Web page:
Ann Landers, the advice columnist who spoke to millions once said that if she were asked to give what she considers to be the most useful bit of advice for all humanity, it would be this:
“Expect trouble as an inevitable part of life, and when it comes, hold your head high, look it squarely in the eye and say, “I will be bigger than you. You cannot defeat me.”
Interestingly, that’s a good encapsulation of the theme of many folk and fairy tales.
Hansel and Gretel prevail over a child-eating witch. Little Jack prevails over a raging Giant. Cinderella prevails over her awful step-sisters.
In his book, The Uses of Enchantment, child psychologist Bruno Bettelheim says that this is exactly the message that fairy tales deliver to a child’s imagination and sub-conscious:
“…that a struggle against severe difficulties is unavoidable…but if one does not shy away, but steadfastly meets unexpected and often unjust hardships, one masters all obstacles and at the end emerges victorious.”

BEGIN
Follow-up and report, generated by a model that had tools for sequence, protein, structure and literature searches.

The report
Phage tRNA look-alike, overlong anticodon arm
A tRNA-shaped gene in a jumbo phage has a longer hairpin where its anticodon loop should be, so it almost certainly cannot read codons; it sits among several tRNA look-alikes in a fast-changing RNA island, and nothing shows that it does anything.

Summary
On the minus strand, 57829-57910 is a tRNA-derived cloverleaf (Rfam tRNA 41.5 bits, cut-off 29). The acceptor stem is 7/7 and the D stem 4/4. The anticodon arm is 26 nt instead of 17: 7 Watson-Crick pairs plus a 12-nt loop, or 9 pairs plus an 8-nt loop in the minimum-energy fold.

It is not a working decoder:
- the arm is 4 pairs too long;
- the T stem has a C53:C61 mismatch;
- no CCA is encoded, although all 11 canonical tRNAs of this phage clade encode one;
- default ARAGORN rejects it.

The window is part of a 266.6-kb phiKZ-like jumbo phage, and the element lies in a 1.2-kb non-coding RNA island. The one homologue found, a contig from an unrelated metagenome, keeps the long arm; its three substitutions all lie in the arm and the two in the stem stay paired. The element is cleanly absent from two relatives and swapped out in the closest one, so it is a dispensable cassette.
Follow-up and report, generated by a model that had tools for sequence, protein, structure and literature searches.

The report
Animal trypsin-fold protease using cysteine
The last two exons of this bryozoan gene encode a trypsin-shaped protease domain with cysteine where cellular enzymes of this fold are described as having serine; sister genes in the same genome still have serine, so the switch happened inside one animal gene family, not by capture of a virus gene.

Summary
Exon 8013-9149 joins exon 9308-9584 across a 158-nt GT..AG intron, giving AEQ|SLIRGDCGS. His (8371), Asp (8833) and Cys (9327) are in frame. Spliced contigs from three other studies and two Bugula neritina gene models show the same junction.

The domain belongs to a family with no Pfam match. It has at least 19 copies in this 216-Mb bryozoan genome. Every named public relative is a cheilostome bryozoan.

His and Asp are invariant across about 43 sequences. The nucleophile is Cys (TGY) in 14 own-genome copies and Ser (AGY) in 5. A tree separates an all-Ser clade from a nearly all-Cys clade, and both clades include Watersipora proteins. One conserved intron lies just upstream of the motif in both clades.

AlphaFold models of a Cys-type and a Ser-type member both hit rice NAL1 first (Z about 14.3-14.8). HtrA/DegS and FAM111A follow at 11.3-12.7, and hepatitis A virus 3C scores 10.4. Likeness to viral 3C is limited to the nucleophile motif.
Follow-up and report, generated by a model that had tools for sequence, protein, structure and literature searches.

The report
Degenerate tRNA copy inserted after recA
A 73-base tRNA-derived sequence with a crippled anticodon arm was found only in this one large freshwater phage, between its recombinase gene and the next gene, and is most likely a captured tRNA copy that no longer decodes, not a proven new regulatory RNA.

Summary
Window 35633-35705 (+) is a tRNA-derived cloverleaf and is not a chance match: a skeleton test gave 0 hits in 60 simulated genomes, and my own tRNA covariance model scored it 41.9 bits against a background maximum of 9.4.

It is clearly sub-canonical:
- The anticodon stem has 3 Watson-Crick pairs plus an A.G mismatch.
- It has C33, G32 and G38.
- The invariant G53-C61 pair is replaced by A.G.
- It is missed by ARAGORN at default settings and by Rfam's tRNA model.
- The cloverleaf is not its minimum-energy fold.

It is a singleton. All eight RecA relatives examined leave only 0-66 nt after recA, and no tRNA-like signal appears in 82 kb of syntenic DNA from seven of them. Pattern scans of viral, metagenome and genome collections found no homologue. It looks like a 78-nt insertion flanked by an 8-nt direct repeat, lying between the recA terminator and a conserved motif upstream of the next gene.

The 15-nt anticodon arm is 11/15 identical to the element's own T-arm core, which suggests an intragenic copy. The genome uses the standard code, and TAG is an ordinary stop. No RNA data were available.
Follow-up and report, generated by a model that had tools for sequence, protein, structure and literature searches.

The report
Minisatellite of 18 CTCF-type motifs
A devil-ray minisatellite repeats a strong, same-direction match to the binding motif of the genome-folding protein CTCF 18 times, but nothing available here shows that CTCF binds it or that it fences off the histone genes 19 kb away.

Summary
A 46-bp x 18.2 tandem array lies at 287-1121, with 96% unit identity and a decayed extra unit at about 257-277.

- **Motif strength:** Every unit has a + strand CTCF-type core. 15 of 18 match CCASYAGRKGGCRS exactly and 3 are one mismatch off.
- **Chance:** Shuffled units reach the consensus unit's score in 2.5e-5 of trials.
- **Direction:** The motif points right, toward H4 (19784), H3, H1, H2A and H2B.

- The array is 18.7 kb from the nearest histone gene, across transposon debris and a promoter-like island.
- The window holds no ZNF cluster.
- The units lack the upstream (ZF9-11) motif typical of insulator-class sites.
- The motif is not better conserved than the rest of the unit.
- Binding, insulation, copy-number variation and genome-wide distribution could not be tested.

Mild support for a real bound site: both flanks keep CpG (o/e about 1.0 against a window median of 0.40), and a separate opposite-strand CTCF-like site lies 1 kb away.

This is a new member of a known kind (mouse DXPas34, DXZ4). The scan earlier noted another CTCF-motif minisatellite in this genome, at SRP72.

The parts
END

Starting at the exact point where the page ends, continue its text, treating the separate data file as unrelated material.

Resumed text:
Kids know there’s trouble in life. It sometimes haunts their dreams. It finds them at school. It truly is “unavoidable.”
Naturally, we want to protect them, and we should.
But we should also respect them enough to be honest with them about the nature of the world (in an age-appropriate way).
In the first place, I believe they can handle it—usually better than we think they can.
In the second place, we don’t do them any favors by giving them a too-rosy, artificial, unrealistic view of the world. (I suspect that unrealistic expectations about life are at the root of some of the depression and other problems young adults experience.)
This is where folk and fairy tales help. They help kids get a handle on trouble—in an imaginative, enchanting, life-affirming way. They help kids identify with vulnerable characters (like themselves) who go out into the world, face troubles, and emerge victorious.
As Krakatoa the parrot says to Hodgepodge the hippo (in my story, The Tale of Hodgepodge), “Hodgepodge, do you know what’s bigger than trouble? You.”